For more about homelessness in the UK, read a previous article from The Student Lawyer here.
Reported by Megan Kearns
Defamatory Statements Force Magazine to Print a Front-Page Correction
Women’s Own magazine has been forced to print a front-page correction statement making false claims about Denise Welch. Denise Welch, who is famous for her roles in Coronation Street and Waterloo Road, said the article was written to “purely to humiliate, degrade and embarrass.”
For this complaint to arise, Women’s Own published a series of “diva demands” supposedly requested by Welch over two pages of coverage in their magazine. They quoted this information from an anonymous source earlier this year along with allegations that her fellow panellists on Loose Women “don’t even want her back full time” on the day-time television programme.
Following the publication, Welch complained to IPSO (the press regulator) who investigated the claims. The magazine told IPSO they hadn’t approached Welch for a comment before the publication as the source had been accurate in the past. IPSO declined Women’s Own’s offer to publish a correction on page three of a future edition and ordered a message was to be printed uniform with the original headline – on the front page with the same font size.
This ground-breaking move from Welch could result in repercussions for other gossip publicists who may think twice before publishing hearsay from anonymous sources to avoid similar scenarios and complaints. Welch comments that “We may not have a right to privacy in the way other people do but we have a right that a source cannot wake up one day and make up two pages of lies which is trailed on the front page,” She hopes other celebrities will now speak up and stop accepting what gossip magazines write about them.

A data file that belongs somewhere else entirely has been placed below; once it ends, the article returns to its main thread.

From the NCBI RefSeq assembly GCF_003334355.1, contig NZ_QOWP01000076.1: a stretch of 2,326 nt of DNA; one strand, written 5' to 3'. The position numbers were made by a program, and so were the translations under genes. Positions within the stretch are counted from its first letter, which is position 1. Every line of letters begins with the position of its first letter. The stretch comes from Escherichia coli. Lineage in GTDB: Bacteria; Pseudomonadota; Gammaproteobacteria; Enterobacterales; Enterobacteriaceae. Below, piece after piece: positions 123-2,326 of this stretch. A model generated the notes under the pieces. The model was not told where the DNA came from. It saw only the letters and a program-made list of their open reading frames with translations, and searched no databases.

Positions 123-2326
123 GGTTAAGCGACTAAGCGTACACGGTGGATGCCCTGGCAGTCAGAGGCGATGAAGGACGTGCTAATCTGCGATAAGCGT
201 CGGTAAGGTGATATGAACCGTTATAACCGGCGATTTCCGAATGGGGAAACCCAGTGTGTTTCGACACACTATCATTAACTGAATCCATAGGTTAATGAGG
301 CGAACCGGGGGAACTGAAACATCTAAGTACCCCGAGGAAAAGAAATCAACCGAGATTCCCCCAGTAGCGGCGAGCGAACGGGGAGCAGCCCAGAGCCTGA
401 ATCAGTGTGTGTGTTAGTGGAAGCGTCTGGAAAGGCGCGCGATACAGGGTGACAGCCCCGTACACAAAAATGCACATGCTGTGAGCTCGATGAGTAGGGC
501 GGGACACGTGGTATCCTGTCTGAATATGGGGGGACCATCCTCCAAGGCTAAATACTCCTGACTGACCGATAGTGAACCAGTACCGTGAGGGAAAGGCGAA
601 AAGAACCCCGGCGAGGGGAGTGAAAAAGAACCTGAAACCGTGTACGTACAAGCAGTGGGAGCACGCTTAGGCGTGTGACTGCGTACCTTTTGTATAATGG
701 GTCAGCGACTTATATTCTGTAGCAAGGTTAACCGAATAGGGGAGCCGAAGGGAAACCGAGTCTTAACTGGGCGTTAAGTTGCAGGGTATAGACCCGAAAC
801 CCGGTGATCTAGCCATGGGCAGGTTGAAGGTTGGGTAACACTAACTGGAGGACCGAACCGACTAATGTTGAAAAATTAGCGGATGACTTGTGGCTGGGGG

For more information, see here.
Reported by Zara Smith
Employment Tribunal Fees Remain Unpaid to Claimants
Thousands of claimants previously paid fees to bring a claim to the employment tribunal. The Supreme Court case ruled that the rendered fees were unlawful. One year on and claimants still haven’t been refunded over 80% of the money that they’re owed.
Refund programs were set up in October 2017 for those who had paid a fee. In May 2018, it was reported that the government had only refunded £2.8 million. The government then went back on its decision not to contact the eligible claimants directly, as justice secretary David Gauke stated that ‘further action was necessary’ to ensure refunds were made in a timely fashion for them. Now it has been reported by the Ministry of Justice that still only a mere £6.6 million out of the expected £33 million has been refunded.
HM Courts and Tribunals Service said: ’Since launching our refund scheme we have been working hard to process refunds to those eligible. We are working with trade unions to get the message out and have also been sending around 10,000 letters a month to those people we think may be eligible.’
The claimants were all wronged by the injustice of the heavy fees they paid. Christina McAnea, assistant general secretary Unison, stated: ‘Putting right this huge wrong should have happened faster. The government must make much more of an effort to pay back the money it owes to thousands of people”.
For more information, click here.